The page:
Victim & Survivor Rights & Services

National Crime Victims’ Rights Week highlights services

CDCR leads nation in providing services for crime victims and survivors

CDCR this week joins communities and organizations across the country in recognizing National Crime Victims’ Rights Week, acknowledging the journey and courage of crime victims and survivors and celebrating those who advocate on their behalf.

This year’s theme — Support Victims, Build Trust, and Engage Communities — is demonstrated by services provided through CDCR’s Office of Victim and Survivor Rights and Services (OVSRS). This article explores some of the most active and beneficial services provided by OVSRS.

When state offices shut down as a result of the pandemic, OVSRS went virtual. Despite the move, the number of registered victims increased by 15 percent from 2019, email communications went up 117 percent and the number of people reached on the OVSRS webpage increased by more than 31 percent.

The office was established in 1988 through Proposition 8, or the “Victim’s Bill of Rights” approved by California voters in 1982. OVSRS has become a national leader in enforcing the rights of victims and providing vital post-conviction services to communities impacted by crime.

Operating a comprehensive victim services program, OVSRS ensures crime victims and survivors are afforded the utmost respect in exercising their legal rights.

Services offered to victims, survivors and witnesses if the offender sentenced to a CDCR facility:

Notifying victims of their rights

The victim of crime, next of kin, immediate family member of a victim, parent or guardian of the minor victim, or witness may request to be notified of the release, death, escape, parole proceeding, contract, or scheduled execution of their offender(s). Requests can be made by completing a “Request for Victim Services” form. Please note that to receive notification of any change, or potential change, in an offender’s status one must be registered with OVSRS.

Victim-Offender Dialogue (VOD) Program

VOD is a process in which the victim of a crime, or the surviving family members, and the offender who committed the offense meet face-to face in a safe and secure setting. For certain victims/survivors of severe violence and violation, the facilitated VOD process can provide a pathway to a sense of further healing and justice.

Victim input into special conditions of parole

Victims may request to provide input into the following special conditions of parole considered by the CDCR Division of Adult Parole Operations (DAPO):

  • That the parolee be required to live in another county or in another city within the committing county if they are clearly threatened, or if the offender was convicted of a specific violent felony they may request parole placement 35 miles from their actual residence.
  • Restrict the parolee’s contact with the victim.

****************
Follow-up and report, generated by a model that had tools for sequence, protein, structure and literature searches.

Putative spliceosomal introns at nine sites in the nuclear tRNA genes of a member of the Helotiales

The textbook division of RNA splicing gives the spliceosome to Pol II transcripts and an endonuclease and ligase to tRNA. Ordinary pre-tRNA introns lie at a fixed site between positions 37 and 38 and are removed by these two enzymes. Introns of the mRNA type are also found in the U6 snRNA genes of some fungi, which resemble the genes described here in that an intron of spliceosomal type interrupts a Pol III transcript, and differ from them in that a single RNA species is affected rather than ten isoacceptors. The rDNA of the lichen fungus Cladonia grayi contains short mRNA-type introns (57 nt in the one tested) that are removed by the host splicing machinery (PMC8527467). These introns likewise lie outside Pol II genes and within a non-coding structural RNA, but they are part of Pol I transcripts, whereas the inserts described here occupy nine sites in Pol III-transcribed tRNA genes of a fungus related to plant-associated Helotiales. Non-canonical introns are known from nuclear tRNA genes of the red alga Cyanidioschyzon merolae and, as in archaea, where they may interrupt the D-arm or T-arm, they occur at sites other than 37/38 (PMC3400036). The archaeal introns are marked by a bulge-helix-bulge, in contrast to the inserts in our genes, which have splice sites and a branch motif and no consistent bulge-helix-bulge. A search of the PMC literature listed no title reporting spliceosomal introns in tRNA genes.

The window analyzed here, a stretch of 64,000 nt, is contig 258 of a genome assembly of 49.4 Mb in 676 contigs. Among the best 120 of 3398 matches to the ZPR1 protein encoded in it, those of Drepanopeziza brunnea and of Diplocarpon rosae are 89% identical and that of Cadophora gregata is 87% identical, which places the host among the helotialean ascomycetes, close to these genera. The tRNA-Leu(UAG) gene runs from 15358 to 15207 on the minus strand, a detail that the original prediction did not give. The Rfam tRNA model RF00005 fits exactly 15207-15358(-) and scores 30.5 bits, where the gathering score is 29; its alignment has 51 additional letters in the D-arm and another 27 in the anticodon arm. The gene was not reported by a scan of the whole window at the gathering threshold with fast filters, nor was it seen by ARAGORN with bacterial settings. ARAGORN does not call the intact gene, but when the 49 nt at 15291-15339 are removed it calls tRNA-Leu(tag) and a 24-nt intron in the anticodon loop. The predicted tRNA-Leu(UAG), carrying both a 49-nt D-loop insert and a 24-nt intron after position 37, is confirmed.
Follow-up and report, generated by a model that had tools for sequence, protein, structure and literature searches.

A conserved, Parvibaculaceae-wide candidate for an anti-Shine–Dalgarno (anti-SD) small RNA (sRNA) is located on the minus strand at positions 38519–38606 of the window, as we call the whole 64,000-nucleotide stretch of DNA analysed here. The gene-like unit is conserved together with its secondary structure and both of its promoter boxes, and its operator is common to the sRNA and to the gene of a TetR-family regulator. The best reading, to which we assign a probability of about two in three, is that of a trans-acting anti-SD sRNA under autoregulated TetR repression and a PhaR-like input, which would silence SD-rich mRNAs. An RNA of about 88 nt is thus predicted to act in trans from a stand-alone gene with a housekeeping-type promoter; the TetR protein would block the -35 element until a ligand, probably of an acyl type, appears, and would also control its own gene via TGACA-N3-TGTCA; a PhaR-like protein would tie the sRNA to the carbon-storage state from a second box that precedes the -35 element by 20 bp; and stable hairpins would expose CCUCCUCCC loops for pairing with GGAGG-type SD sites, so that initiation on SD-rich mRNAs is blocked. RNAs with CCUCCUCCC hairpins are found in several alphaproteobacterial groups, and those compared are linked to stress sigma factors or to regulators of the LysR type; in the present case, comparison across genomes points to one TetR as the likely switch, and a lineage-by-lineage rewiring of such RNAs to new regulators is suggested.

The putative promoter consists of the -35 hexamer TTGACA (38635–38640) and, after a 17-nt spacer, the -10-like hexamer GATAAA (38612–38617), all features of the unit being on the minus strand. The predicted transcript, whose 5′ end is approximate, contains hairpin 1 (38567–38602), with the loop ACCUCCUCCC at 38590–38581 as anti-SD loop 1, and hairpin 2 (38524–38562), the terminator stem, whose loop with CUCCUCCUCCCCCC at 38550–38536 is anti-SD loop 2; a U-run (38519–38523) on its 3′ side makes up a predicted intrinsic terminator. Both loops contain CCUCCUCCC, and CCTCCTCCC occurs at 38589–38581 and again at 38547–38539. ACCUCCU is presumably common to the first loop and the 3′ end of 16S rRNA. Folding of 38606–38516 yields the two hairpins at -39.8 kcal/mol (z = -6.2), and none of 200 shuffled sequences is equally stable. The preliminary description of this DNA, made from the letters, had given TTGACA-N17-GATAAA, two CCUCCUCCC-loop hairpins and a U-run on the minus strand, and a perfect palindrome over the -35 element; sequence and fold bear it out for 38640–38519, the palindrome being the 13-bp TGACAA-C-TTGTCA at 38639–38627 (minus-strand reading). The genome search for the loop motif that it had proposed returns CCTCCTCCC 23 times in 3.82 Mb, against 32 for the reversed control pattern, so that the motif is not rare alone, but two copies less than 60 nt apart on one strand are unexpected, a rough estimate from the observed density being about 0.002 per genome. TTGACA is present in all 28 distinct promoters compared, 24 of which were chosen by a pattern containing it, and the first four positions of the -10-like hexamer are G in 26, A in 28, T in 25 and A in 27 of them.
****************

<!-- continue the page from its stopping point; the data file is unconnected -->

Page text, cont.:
Victim notification of parole suitability hearings

When requested, the Board of Parole Hearings (BPH) will notify the victim/next of kin/immediate family member of an upcoming parole suitability hearing for an offender. Requests to attend or make a statement may be made by calling OVSRS. If victims can’t attend the hearing but would like to still participate, they can request to participate with an audio connection or appoint a representative who may attend the hearing. Victims may also submit a written statement to BPH to be read into the record, or an audio or video recording, which will be viewed by the commissioners conducting the hearing. Additionally, due to the COVID-19 pandemic, BPH has moved to an all virtual model for parole suitability hearings, making it even easier for victims’ voices to be heard. In 2020, there were 2,411 victims that attended a virtual parole hearing.


The sentencing court can order an offender to pay two different types of restitution: (1) restitution to the victim, known as a direct order of restitution, and (2) restitution fines.

Restitution fines are considered an offender’s debt to society for the offender’s criminal behavior. In California, the court must impose a restitution fine regardless of the crime committed or the sentence imposed. A fine is set at the discretion of the court. The court must order offenders who are sentenced to state prison to pay a fine between $300 and $10,000. The money collected for the restitution is transferred to the California Victim Compensation Board (CalVCB) to assist victims of violent crimes who suffer out-of-pocket losses and who may be eligible to apply for financial reimbursement.

The court can also order an offender to pay direct order restitution to the victim.

The California Penal Code states the court must award restitution to the victim(s) in the full amount of the economic loss, including but not limited to:

  • Property damage
  • Medical expenses
  • Psychological counseling
  • Lost wages and any other expenses related to the crime.

Story by the Office of Public and Employee Communications.

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